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  • rachaelinwoodmusic

Wellbeing as a teacher

Being a private instrumental teacher can be a lonely business. Apart from seeing your students regularly, there are few opportunities to meet with colleagues. When I started as a private teacher, I could go for weeks without contact with like-minded professionals. There were even days when I wouldn't even see or speak to another adult in a non-work situation.

Connection with others doing a similar line of work is essential. There are issues that we all face running our business, whether that is working out the best way to find new students or how to deal with that "difficult" family. When you try to do things on your own, it's easy for things to feel bigger than they actually are. But as the old proverb says, "A problem shared is a problem halved" Having someone to share your problems with is an excellent thing. Especially if that person has some idea of what you are talking about. If you find another instrument teacher who may have had the same issues and can give you advice on what to do or not do to help with that issue. Sometimes this person may not have the answers; they may reply, "me too!" Sometimes that's all we need.

It took a while for me to find a group of colleagues to support me; this is how I did it. I joined online communities. The internet has been great at connecting with people around the world. You can join groups on Facebook that share a particular interest. Some of these are better than others. But once you find a supportive group, it can be an invaluable tool. Through these groups, I found some local piano teachers to me. We meet together regularly to chat about piano teaching issues. I have also gone to networking events, locally and nationally. Even though I hate networking, I have found them to be places that have been good to connect and share ideas. I have started working alongside other organisations and people on projects.

Another tool that I have found that has benefitted my well being is exercise. This has a bonus in that it has nothing to do with work, but I do believe it has helped me become a better musician as it has increased my stamina and strength. Apart from the health benefits, which I don't need to go into, it has significantly helped my mental health. Whenever I exercise, it's time for me; yes, it can be hard work. But I notice that I'm lifting heavier weights by regularly doing it. I'm running further and faster, making me feel like I'm achieving something. I enjoy lifting weights. When I'm lifting weight, my phone is nowhere near me. I have to focus on what I am doing. Otherwise, I could hurt myself. It's a form of mindfulness. It helps me to put aside all the problems that I'm experiencing. When I finish a session, I always feel better no matter how hard I find it. It's the same with running, it's time away from the office, outside, and even after a tough run, I always feel better. It's time to clear my head. It helps to relax me and get rid of some of the stress that I'm experiencing.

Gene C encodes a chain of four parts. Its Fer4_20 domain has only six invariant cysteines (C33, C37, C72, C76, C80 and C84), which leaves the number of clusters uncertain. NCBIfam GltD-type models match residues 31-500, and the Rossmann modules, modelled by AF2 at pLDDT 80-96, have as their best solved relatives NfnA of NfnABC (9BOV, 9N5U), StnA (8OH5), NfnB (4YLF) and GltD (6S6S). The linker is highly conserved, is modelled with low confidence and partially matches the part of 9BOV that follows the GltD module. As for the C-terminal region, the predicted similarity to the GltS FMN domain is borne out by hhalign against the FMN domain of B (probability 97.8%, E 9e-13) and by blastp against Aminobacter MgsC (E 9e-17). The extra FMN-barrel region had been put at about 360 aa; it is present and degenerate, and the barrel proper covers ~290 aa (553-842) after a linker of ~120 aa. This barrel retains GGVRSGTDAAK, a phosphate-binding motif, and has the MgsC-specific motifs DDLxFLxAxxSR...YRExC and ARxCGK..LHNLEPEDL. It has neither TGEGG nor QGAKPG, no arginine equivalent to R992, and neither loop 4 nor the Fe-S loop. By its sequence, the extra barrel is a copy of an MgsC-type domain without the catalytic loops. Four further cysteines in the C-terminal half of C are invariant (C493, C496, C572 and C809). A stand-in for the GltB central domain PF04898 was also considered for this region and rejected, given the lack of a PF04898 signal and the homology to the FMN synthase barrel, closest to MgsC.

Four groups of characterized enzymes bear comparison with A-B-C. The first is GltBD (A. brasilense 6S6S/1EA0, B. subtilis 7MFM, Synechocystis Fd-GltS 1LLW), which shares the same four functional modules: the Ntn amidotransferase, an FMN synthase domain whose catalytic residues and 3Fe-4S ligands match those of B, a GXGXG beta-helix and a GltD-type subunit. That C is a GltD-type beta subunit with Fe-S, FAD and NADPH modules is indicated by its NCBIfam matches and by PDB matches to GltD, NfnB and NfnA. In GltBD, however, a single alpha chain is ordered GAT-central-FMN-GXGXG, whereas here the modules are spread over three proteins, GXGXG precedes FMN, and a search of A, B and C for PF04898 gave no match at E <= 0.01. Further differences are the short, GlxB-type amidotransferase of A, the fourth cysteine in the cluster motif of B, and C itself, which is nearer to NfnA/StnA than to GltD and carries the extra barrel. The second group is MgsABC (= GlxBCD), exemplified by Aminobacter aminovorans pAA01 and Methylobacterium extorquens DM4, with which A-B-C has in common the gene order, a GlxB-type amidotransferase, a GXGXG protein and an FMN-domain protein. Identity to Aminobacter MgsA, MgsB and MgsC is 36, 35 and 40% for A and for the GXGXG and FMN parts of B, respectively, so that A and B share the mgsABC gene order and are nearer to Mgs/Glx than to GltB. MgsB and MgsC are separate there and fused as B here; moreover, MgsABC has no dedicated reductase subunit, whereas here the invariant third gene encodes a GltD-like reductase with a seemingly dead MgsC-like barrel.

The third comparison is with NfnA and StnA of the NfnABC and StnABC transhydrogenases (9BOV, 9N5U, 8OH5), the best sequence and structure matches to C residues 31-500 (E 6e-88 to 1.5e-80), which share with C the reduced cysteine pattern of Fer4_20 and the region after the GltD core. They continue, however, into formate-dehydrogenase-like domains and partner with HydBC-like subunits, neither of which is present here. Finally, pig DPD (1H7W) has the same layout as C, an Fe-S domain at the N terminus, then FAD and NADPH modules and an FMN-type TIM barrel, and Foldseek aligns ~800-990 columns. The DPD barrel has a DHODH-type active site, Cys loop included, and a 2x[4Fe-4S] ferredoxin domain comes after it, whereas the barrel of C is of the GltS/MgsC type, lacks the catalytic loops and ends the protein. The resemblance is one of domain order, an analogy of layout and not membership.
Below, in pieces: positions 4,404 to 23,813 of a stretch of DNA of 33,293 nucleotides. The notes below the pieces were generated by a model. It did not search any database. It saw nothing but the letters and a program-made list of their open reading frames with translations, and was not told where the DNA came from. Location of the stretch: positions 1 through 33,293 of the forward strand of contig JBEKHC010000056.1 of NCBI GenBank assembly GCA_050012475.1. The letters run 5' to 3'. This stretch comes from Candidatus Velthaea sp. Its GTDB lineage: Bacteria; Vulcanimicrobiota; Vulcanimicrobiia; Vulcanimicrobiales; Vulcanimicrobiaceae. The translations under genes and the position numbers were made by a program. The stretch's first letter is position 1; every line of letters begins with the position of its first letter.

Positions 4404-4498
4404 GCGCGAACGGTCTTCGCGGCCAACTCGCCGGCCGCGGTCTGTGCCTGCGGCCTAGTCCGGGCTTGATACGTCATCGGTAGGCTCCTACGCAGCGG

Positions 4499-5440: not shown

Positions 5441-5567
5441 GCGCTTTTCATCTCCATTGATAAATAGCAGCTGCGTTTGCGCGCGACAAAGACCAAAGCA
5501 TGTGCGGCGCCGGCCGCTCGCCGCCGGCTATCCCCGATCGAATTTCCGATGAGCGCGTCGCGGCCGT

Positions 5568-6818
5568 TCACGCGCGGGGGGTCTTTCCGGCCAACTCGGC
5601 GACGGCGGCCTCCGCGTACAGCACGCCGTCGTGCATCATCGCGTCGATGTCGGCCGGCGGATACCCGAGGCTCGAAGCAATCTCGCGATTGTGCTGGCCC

So my top tips to improve your wellbeing over this next year is to find some people who work in the same field that you can connect with regularly. Exercise more, get away from your studio and instrument, find a way to exercise that you enjoy and do it regularly. Make it a priori in your week. If you don't look after yourself, how can you give your best to your students and your family?

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